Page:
Some mainland companies may maintain a more cautious approach, as some of their customers may insist on continuing to be billed in US dollars or euros.
While their suppliers may accept being paid in Rmb, this will have little effect on the wider adoption of Chinese currency if they prefer not to hold Rmb and always hedge or translate back into their domestic currency. The decision to use Rmb for trade settlement will obviously also depend on factors such as whether they need to purchase or borrow in Rmb or if they are interested in investing in Rmb-denominated bonds.
Even where trading partners do adopt the Rmb for settling their transactions, this is unlikely to drive a significant expansion in total trade with China in the early stages.
There are also implications for Hong Kong to increase its position as a trade centre.
Companies both within and beyond Asia (especially in those Latin American countries with which China has signed swap agreements) may be encouraged by the pilot scheme to establish entities in Hong Kong to carry out trade business in Rmb. Ultimately they may use Hong Kong as a hub from which to conduct back-to-back trade beyond the special administrative region.
The effects of the trade pilot scheme from a medium-to-long-term perspective are likely to be more significant than the short-term implications.
If there is a further extension of the pilot, domestic market-focused Chinese companies will probably rethink their business strategy. They may previously have been deterred from international trade by the prospect of having to manage US dollar or euro currency risk, but will be more inclined to expand into this area if they can settle and/or hedge easily in their domestic currency.
While by no means a perfect parallel, the effect of the introduction of the euro on trade gives some indication of what may happen to trade flows in the mid-to-long-term if Rmb becomes more widely adopted in trade.
The comparison is imperfect, as the new entrants to cross-border trade in Europe were in many cases attracted by the lower frictional costs of trading with partners within the Eurozone. But, there is evidence to suggest that the availability of euros as a trade currency has also had a significant influence in boosting trade flows between Eurozone and non-Eurozone countries.
While the US dollar has a long pedigree as the currency of international trade, the sheer volume of non-US-related China trade now flowing makes Rmb an attractive alternative.
At present, the European Union is still comfortably China’s largest bilateral trading partner, with the US second. However, China’s trade with other nations – particularly the other BRIC countries (Brazil, Russia and India) – has grown phenomenally in recent years. (For example, in April 2009, China’s trade with Brazil topped US$3bn; the mainland has now overtaken the US as Brazil’s primary trading partner, upsetting a status quo that had prevailed since the 1930s.)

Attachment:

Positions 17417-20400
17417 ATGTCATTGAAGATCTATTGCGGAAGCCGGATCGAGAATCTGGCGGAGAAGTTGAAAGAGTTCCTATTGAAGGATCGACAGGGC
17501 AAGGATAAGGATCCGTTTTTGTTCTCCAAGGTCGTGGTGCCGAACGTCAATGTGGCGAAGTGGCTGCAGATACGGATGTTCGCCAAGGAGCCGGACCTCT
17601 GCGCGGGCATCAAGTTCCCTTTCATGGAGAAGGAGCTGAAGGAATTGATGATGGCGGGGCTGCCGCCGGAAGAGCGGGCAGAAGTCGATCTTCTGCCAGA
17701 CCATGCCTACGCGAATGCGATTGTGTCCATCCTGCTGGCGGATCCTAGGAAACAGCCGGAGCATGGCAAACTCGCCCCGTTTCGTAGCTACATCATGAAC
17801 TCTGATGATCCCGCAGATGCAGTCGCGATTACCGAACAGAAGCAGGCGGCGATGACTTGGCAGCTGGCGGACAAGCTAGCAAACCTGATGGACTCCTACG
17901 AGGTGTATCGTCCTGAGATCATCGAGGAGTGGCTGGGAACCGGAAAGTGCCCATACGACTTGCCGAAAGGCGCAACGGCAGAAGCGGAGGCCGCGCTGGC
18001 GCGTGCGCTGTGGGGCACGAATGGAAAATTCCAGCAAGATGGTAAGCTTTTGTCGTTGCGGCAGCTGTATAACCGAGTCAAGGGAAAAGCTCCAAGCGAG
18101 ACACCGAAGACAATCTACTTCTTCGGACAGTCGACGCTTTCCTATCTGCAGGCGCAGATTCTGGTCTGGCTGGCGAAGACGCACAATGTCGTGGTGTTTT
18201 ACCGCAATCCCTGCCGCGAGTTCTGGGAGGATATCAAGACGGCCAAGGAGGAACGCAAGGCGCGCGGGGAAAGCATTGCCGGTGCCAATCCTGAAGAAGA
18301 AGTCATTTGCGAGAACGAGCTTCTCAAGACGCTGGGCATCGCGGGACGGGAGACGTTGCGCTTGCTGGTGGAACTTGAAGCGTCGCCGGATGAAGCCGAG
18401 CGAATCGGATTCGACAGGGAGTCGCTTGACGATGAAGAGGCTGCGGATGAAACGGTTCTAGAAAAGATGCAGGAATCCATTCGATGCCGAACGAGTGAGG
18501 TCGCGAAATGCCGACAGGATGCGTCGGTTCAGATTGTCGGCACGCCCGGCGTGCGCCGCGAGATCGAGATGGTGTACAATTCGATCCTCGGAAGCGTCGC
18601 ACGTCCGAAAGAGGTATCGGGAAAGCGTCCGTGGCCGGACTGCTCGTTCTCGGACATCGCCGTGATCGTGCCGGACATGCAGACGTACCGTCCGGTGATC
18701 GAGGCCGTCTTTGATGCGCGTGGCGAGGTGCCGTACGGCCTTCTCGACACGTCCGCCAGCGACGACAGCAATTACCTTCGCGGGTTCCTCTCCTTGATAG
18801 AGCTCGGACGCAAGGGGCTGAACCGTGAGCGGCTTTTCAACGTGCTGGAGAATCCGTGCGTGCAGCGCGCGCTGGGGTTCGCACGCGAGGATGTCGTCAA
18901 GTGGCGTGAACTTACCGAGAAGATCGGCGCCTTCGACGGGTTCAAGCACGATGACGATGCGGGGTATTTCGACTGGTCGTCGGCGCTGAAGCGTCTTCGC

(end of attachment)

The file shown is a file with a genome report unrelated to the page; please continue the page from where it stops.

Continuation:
From the perspective of trade between Chinese companies and their customers/suppliers outside the US, trading directly in Rmb (as opposed to using the US dollars as an intermediary currency) makes increasing sense.
If Rmb continues to become more accessible as a trade currency, further positive considerations kick in. Given the robust state of China’s economy when compared with the current condition of other major trade nations, it seems reasonable to assume that the Rmb would be similarly robust as a currency. If that assumption proves valid, then a growing number of China’s trading partners would be content to hold Rmb as an appreciating or strong currency, rather than always hedging out.
At present, the huge liquidity of US dollar spot and derivative markets make hedging reasonably cost-efficient, but there is still some frictional cost to using it as an intermediary currency. Assuming the availability of liquid Rmb hedging and trade finance instruments, some non-US suppliers to Chinese companies may see further potential in adopting it for trade. Switching from billing their Chinese customers in US dollars to billing them in Rmb may offer the opportunity to expand margins, while also reducing risks and hedging costs.
Reduced foreign exchange risk will be a welcome relief for importers and exporters who engage in cross-border trade, with respondents in a recent survey undertaken on behalf of HSBC, Trade Confidence Index indicating volatile foreign exchange rates were a top barrier to growth.
From the bank side
A critical factor in the widespread adoption of Rmb will be the pricing and availability of suitable bank products. This will be heavily dependent on the efficiency of the methods available to banks to hedge and raise funds in Rmb.
There has been some talk of allowing China-based subsidiaries of Hong Kong banks to raise Rmb funds in Hong Kong. (HSBC has just completed such a fundraising exercise in Hong Kong and it is expected that other banks will shortly follow suit.) While there is a non-deliverable forwards market in Rmb, growth and usage of other Rmb derivatives has been limited.
If there is insufficient liquidity available in the interbank derivatives market for offsetting Rmb risk, then pricing and availability to importers and exporters will be impacted and demand for Rmb-denominated trade reduced. The key is how this can be facilitated and extended without giving rise to unwanted speculative activity.
There are certainly signs that the Chinese authorities are already putting the appropriate derivatives infrastructure in place. For example, the PBOC made an announcement in March 2009 approving the consolidation of various derivatives master agreements into one uniform master agreement.
It is clear that greater levels of Rmb-denominated trade could in the mid-to-long-term prove highly positive for global trade volumes. While it may be premature to predict a significant decline in US dollar-denominated trade, it is certainly safe to assume that many trade participants will see the recent moves by the Chinese government and the PBOC as highly positive.
The key will be at what point new participants expand their domestic focus to a global one and whether existing trade participants ramp up their activity in response to the Rmb opportunity.